Lester Lynch
New England Regional Third Place Winner, 1994

Recognized for his charismatic portrayals and commanding voice, Lester Lynch is receiving rave reviews as he tackles some of Verdi’s most important baritone roles from Scarpia to Rigoletto to Count di Luna.  Opera Today recently enthused that“It was booming baritone Lester Lynch who served notice that he is now in consideration for admittance to the Scarpia Preferred Pantheon. Mr. Lynch sang much of the night with exceptionally controlled suavity and mellifluous rolling tone, but when he needed to pour it on he had the Puccinian fire power and the dramatic heat to raise the hair on the back of your neck.”  The Cincinnati Enquirer wrote “Lester Lynch made a superb Macbeth, delivering an authoritative performance with a firm, powerful voice and wonderfully communicating both tragedy and madness.”


Highlights of the 2011 - 12 season for Mr. Lynch include the title role in Rigoletto with the Canadian Opera Company, a return engagement with the Bregenzer Festspiele as Gerald in Andrea Chenier, and a concert performance with the Greenville Symphony, among others.  Future seasons include appearances with the Berlin Philharmonic and Dallas Opera.


During the 2010 - 11 season Mr. Lynch joined the San Francisco Opera as Carbon in Cerano de Bergerac and Lyric Opera of Chicago as Herald in Lohengrin, where The Chicago Tribune declared he sang with “clarion conviction” and MusicalCriticism.com wrote Lynch has a “resounding baritone, with its deep, resonant overtones and hearty vibrato that bounces around the corners of the theater like a ball in a pinball machine.”  Additional engagements included the Bregenzer Festpiele as Gerald in Andrea Chenier, and the Kentucky Opera as Alfio and Tonio in Cavalleria Rusticana and I Pagliacci.  He offered concerts with the Virginia Symphony, Akron Symphony, and Bayerische Rundfunkorchester, and a solo recital at the Saint Louis Art Museum.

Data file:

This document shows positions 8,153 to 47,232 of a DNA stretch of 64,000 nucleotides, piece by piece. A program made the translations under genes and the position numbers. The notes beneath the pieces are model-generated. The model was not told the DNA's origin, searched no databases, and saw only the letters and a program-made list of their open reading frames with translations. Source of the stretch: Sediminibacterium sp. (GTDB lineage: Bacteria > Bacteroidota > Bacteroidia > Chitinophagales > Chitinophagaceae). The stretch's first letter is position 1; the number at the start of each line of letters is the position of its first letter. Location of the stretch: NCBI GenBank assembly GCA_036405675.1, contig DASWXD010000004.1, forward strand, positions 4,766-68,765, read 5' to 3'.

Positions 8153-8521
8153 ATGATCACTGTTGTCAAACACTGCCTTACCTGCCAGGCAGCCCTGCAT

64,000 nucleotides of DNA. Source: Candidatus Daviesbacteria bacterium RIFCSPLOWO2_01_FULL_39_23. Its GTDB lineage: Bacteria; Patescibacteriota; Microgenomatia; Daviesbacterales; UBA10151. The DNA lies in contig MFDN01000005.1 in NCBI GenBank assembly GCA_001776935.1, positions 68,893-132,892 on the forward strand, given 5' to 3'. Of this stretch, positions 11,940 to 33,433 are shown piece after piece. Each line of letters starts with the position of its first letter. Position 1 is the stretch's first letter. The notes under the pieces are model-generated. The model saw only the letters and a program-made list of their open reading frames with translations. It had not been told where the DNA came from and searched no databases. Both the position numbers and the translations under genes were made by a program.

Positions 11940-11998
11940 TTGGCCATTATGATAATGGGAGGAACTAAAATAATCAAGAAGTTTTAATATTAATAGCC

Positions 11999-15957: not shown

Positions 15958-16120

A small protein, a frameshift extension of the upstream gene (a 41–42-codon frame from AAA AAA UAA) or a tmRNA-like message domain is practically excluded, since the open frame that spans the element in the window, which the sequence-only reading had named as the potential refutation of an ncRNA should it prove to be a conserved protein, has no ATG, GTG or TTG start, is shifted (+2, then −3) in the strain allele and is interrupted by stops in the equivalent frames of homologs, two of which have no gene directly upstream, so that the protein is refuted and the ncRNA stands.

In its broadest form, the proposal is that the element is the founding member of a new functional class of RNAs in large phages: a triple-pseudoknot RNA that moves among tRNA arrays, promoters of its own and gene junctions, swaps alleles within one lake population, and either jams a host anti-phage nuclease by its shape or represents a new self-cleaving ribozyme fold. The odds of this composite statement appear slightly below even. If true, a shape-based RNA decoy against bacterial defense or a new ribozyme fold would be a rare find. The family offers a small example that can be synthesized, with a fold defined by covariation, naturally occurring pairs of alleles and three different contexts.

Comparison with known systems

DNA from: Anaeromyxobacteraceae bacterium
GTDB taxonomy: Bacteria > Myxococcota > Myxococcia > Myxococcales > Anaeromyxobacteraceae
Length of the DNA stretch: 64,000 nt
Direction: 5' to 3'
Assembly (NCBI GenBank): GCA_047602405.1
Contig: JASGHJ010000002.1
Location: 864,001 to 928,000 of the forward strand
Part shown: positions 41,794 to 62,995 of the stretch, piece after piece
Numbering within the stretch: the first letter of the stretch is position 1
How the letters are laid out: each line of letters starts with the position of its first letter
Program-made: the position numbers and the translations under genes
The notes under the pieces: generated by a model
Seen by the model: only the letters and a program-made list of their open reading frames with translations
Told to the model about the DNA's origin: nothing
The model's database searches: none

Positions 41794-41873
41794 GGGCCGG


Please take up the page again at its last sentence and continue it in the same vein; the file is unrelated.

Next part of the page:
During the 2009 - 10 season the joined Washington National Opera as Porgy in Porgy and Bess, Glimmerglass Opera as Scarpia in Tosca, and the New Jersey State Opera as Crown in Porgy and Bess.  As Nottingham in Roberto Devereaux with Minnesota Opera, the Star Tribune raved that he is “equipped for stardom” with his “vocally and physically charismatic Nottingham, who persuasively negotiates the sudden turn from stalwart ally to enraged husband.”  In addition, he sang Porgy in a concert performance with the Jacksonville Symphony, Crown in Porgy and Bess with the Orlando Philharmonic, Handel’s Messiah with the Virginia Symphony, Vaughan Williams’ A Sea Symphony with the Santa Barbara Choral Society, and offered a recital at the Oberlin Conservatory of Music. 


During his debut with Lyric Opera of Chicago during the 2008 – 09 season, Mr. Lynch was heard in different performances as both Crown and Porgy in Gershwin’s Porgy and Bess. “Lynch's practiced Crown is one of the stronger features of Lyric's primary cast, but he is even stronger as Porgy, a role he is portraying for the first time with a major opera company.  Indeed, Lynch carried the show on his broad shoulders. He rolled out a powerful, resonant, basso-like baritone for the big numbers, climaxing in "Oh, Bess, Oh Where's My Bess?"—the cry of a deeply wounded soul.” (Chicago Tribune)  In addition, he debuted with the San Francisco Opera, also as Crown, sang Count Di Luna in Il Trovatore with Minnesota Opera, and Germont in La Traviata with Lyric Opera of Kansas City.  He made his debut with the Cleveland Orchestra in selections from Porgy and Bess, sang Porgy in concert on tour in Europe, performed at Carnegie Hall in celebration of Marilyn Horne’s 75th birthday, and offered a series of recitals of music performed by Paul Robeson. 


During the 2007 - 08 season Mr. Lynch performed the title role of Macbeth with the Dayton Opera, where he was praised for being a “a superb Macbeth, delivering an authoritative performance with a firm, powerful voice and wonderfully communicating both tragedy and madness.” (Cincinnati Enquirer).  In addition, he sang Count Di Luna in Il Trovatore with the Nashville Opera and Kentucky Opera, and Sharpless in Madama Butterfly with the Opera Theatre of St. Louis.  His powerful performance of Crown in Porgy and Bess with the Dallas Opera that season was deemed the “best reason to go” by the Star-Telegram.  In concert, he sang Beethoven’s Symphony No. 9 with the Southwest Florida Symphony and the role of High Priest in a concert performance of Samson and Delilah with the Kentucky Opera opposite Denyce Graves.